Retirement Directions: What to Know About Social Security

Social security

Retirement is tricky business. You can save and plan your whole life, but that doesn’t mean you’ll know how to best use your Social Security benefits. Counting on the Social Security Administration (SSA) to help you find your way doesn’t always work, either. And then there’s the elephant in the room, which is whether Social Security will even exist as we know it in years to come.

According to a PBS NewsHour Q&A session with retirement expert, Larry Kotlikoff, Social Security Administration employees don’t always know what’s best for your situation. There are a few specialized software options on the market that can help, though. So you’ll need to sort this through long before you plan to start collecting the benefits that you’ve paid into.

Social security

There are Several Ways to Collect Benefits

When you retire, you have more than one possible way to collect benefits. You can opt to start taking them when you turn 62. This is considered early, and your benefits will be 30 percent lower than if you wait until you reach full retirement age, which is 66, according to the SSA’s FAQ page.

There’s another possibility. If you wait even longer, until you’re 70, you’ll receive more, because the SSA will add in what they call “delayed retirement credits.”

It doesn’t end there. Kotlikoff explains variables within those three possible times when you could receive benefits.

If you’re widowed, you could collect either your benefits, or those of your deceased spouse, whichever is greater. If both you and your spouse are living, you can elect to take your benefits at one point, and then switch to your spouse’s benefits at a later time. There are many possibilities and different ways to collect.

The Maximum Social Security Benefit Can Vary

The SSA says the maximum possible benefit, as of 2014, is $3,425 monthly. That is for people who retire at age 70 or later. But that’s only a starting point.

If you retire early, at 62, your maximum possible benefit will only be $1,992. If you begin collecting benefits in the middle, at full retirement age, the maximum amount is $2,642. To get a slightly better idea of what to expect, the SSA says the average monthly benefit in January of 2014 was $1,294.

Your benefits will be determined by your earnings before retirement. The SSA automatically sent out paper copies of projected benefits to U.S. citizens until recently, when it switched to providing that information online. Now, you can activate your “My Social Security” account online, and view your statements digitally.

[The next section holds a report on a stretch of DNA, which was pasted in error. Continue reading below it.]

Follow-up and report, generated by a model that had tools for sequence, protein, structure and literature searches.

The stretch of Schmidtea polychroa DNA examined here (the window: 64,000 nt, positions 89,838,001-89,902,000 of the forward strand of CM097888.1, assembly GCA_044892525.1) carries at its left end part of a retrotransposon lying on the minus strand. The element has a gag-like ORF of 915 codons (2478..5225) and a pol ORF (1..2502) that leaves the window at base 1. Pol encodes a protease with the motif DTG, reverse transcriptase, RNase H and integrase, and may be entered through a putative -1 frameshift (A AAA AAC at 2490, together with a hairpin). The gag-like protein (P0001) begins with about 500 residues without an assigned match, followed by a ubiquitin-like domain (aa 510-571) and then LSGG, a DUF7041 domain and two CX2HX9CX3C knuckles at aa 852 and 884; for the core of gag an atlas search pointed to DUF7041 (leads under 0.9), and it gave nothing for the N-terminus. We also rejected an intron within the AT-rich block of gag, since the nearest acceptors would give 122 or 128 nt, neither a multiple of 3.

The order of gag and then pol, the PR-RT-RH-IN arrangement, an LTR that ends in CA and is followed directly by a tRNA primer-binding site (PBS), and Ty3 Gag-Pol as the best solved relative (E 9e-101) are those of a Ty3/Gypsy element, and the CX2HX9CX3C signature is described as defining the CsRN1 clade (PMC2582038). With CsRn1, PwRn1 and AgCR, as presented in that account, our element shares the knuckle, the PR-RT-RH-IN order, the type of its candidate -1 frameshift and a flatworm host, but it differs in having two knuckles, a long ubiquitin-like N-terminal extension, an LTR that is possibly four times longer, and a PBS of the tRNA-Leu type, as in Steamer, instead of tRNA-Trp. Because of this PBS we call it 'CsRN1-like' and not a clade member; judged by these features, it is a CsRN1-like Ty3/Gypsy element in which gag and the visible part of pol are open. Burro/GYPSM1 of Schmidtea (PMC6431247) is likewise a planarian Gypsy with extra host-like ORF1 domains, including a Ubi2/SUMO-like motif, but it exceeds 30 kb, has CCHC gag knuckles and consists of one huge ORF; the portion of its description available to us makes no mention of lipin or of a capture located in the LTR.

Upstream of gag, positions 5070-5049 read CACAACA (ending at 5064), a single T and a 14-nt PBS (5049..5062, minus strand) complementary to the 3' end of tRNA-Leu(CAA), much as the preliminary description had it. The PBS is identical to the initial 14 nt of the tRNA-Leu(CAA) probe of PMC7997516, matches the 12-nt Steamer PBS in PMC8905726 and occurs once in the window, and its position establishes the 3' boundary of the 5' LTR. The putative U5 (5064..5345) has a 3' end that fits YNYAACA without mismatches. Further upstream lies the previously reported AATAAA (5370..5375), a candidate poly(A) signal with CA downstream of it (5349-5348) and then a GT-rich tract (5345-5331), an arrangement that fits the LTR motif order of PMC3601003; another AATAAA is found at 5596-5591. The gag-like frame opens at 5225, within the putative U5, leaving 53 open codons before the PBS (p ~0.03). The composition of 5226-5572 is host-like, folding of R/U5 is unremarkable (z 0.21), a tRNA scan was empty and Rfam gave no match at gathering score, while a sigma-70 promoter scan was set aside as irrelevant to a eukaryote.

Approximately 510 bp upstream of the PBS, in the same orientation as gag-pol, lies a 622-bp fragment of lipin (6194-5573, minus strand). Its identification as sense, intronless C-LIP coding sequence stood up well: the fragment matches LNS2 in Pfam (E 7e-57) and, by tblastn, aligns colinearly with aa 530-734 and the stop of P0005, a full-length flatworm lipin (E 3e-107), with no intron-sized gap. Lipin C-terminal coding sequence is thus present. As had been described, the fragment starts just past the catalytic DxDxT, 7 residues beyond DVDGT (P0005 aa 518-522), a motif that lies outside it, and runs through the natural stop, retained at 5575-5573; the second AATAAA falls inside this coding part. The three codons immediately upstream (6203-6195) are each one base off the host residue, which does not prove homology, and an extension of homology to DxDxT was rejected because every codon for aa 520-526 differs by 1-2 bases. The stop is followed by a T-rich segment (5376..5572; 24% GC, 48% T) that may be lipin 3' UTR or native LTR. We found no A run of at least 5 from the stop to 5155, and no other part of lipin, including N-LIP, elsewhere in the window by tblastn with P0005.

Social security

Timing is Important when Applying for Benefits

The SSA explains that your application for receiving benefits should be sent in three months before you want them to start. Applying isn’t simple, but it’s manageable.

You’ll need to provide your birth certificate, proof of citizenship if you weren’t born in the U.S., a copy of discharge papers if you served in the military prior to 1968 and a copy of your last year’s W2 and tax return.

The earliest that you can apply for benefits is when you turn 61 years and 9 months of age, according to the SSA. You can’t apply sooner, but you can wait until later to collect a higher level of benefits.

One important distinction to remember is the difference between Medicare and Social Security. Although you can apply for Social Security just before your 62nd birthday, you probably won’t receive Medicare until you turn 65. There are exceptions with Medicare, such as disability.

When you’re ready to apply, you’ll need to begin at the “Apply for Retirement Benefits” page at the SSA website.

Social Security benefits have become a hotbed for controversy, with most financial experts stating that the future of the program is bleak. The SSA says that there is a problem, and it’s caused by lower birth rates.

Lower birth rates mean fewer people paying in. So the cost of the program will continue to go up and taxes will only support about 75 percent of the program until 2035. After 2035, the program is projected to stabilize again, according to the SSA.

Daily Finance simplifies the problem by explaining that the number of people receiving Social Security Disability benefits has risen steadily since the 1990s, and there are fewer people paying in than the program needs to support it. So instead of primarily supporting people in retirement, there’s the additional weight of disability payments.

You’ve paid in so that you can receive Social Security benefits. And when you retire, you should apply at a time when it feels right for you to receive them. With the reduced stability of the program, waiting until you’re 70 might not be the best choice for you. But if the program stabilizes again, those concerns may be alleviated.

Planning for retirement is more complex all the time. And unlike generations past, there’s no guarantee that you will receive a set amount from Social Security to see you through. You’ll need a diversified plan that helps ensure your income from various sources. If you count on Social Security alone, you might be left with a gap and no way to fill it.

Do What is Best for You
There will never be one right answer for everyone.  For example, if you have dependent children, starting Social Security early probably makes sense.

One way to assess the best time for you personally to start benefits would be to use a Social Security Start Age Calculator.  This online Social Security Calculator will help you choose when to take Social Security benefits. Find out if it is better to start Social Security at 62 or 66 or at some other time.  But don’t forget to assess spousal and dependent benefits.

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